BERLIN (Reuters) - Farmers in Germany will have to gradually reduce their use of glyphosate and stop using it completely from 2024 in order to preserve clean habitats for insects, under draft legislation passed by the country’s cabinet on Wednesday.
“The exit from glyphosate is coming. Conservationists have been working toward this for a long time. Glyphosate kills everything that is green and takes away insects’ basis for life,” environment minister Svenja Schulze said in a statement.
Farmers have criticised the planned law, saying it puts the livelihoods of family-run farms at risk and that bans would be less effective in fostering biodiversity than cooperation between farmers and conservationists.
Glyphosate, first developed by Bayer’s Monsanto under the Roundup brand, has generated intense global debate over its safety since a World Health Organization agency concluded in 2015 that it probably causes cancer.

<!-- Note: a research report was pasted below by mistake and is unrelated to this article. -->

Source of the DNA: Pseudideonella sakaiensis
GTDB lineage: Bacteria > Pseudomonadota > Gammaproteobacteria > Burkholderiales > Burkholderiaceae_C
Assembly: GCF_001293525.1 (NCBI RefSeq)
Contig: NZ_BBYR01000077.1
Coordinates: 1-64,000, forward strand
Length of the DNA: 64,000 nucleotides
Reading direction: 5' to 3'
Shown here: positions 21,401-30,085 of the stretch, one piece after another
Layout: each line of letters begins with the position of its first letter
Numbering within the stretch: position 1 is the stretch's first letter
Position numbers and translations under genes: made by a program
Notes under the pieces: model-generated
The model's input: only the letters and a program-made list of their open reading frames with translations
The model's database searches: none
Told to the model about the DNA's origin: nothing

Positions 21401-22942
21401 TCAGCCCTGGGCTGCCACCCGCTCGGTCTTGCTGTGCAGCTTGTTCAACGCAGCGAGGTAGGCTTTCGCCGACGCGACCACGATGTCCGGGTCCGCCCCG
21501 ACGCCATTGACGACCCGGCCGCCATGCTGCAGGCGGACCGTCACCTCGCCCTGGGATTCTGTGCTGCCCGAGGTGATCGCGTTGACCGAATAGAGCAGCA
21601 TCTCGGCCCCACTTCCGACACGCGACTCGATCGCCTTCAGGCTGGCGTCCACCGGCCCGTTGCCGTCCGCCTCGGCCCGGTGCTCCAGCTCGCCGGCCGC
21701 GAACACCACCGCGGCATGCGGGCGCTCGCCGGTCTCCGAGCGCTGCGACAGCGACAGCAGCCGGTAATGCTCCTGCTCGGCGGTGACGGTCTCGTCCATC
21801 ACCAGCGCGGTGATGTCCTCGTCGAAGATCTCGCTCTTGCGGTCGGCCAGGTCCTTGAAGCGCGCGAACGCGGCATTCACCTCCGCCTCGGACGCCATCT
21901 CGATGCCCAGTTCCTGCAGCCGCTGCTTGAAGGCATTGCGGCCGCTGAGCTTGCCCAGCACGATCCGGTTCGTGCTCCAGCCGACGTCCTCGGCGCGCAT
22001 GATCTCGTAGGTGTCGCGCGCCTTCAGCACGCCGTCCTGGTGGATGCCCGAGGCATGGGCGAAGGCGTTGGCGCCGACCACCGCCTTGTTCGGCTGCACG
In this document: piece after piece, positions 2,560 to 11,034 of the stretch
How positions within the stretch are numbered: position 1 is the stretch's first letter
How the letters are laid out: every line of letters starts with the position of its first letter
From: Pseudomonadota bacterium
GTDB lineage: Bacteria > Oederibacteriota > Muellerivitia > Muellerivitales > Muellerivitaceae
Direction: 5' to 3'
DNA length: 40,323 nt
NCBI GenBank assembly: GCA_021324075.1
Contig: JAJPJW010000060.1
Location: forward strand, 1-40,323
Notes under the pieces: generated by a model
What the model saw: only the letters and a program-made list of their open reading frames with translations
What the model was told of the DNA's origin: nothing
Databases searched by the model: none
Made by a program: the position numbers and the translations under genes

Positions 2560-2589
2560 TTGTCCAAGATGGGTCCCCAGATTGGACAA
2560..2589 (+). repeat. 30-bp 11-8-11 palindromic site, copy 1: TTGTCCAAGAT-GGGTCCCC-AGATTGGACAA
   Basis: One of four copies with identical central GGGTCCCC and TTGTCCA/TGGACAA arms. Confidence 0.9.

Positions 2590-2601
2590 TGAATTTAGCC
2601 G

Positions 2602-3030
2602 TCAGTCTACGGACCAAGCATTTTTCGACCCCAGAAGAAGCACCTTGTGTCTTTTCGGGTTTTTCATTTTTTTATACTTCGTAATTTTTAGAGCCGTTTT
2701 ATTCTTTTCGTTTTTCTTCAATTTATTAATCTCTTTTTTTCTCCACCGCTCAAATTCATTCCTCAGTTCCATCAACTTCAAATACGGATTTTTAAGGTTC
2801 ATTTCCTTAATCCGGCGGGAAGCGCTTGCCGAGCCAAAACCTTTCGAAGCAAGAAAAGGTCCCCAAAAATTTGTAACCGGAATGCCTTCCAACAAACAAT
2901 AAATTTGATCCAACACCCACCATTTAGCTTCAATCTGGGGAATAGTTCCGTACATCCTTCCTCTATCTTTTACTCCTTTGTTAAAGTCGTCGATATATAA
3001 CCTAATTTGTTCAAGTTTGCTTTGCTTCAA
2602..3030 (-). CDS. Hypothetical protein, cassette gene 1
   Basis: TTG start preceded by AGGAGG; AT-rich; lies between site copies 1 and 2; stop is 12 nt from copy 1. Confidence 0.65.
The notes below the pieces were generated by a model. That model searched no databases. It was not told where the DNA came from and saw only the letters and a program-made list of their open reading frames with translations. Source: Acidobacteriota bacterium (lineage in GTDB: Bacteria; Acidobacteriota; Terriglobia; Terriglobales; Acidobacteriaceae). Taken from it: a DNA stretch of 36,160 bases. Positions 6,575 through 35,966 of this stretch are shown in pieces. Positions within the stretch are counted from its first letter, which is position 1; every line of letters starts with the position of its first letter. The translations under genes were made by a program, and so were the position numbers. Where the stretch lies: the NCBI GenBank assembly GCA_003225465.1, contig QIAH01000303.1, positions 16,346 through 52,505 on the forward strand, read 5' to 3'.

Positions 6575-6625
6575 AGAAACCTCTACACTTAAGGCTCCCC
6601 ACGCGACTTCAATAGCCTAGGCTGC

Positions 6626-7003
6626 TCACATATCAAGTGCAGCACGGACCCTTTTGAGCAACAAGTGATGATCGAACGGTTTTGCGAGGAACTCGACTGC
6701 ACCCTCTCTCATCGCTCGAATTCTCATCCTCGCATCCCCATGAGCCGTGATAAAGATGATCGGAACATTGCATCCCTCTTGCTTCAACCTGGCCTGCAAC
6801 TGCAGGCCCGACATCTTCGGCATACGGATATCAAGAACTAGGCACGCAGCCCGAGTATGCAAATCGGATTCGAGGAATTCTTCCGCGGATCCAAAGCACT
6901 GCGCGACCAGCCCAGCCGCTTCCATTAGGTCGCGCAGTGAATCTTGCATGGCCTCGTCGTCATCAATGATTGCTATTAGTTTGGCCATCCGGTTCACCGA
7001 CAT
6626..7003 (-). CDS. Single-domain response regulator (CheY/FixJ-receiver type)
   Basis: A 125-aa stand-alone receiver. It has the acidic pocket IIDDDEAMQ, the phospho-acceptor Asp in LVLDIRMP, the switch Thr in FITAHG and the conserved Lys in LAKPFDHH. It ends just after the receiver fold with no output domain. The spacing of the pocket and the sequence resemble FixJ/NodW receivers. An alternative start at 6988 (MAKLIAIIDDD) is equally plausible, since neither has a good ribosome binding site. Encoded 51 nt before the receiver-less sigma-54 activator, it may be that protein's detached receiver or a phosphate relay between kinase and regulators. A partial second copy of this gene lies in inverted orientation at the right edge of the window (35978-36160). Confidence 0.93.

While regulators worldwide have determined glyphosate to be safe, Bayer agreed in June to settle nearly 100,000 U.S. lawsuits for $10.9 billion, denying claims that Roundup caused cancer.
Under the draft German legislation, the use of herbicides and insecticides that could harm bees will be banned from certain areas. In addition, new installations of certain types of lights will be forbidden to reduce light pollution.
Joachim Rukwied, head of the German farmers’ association, said the proposed legislation was the wrong way to achieve more environmental protection, adding: “A partnership between agriculture and conservation, with joint goals, measures and incentives, would be more promising.”
The law needs to be passed by both the Bundestag lower house and the Bundesrat upper house which represents the interests of the 16 regional governments in Germany, a process that typically takes several months.
Reporting by Maria Sheahan; Editing by Pravin Char
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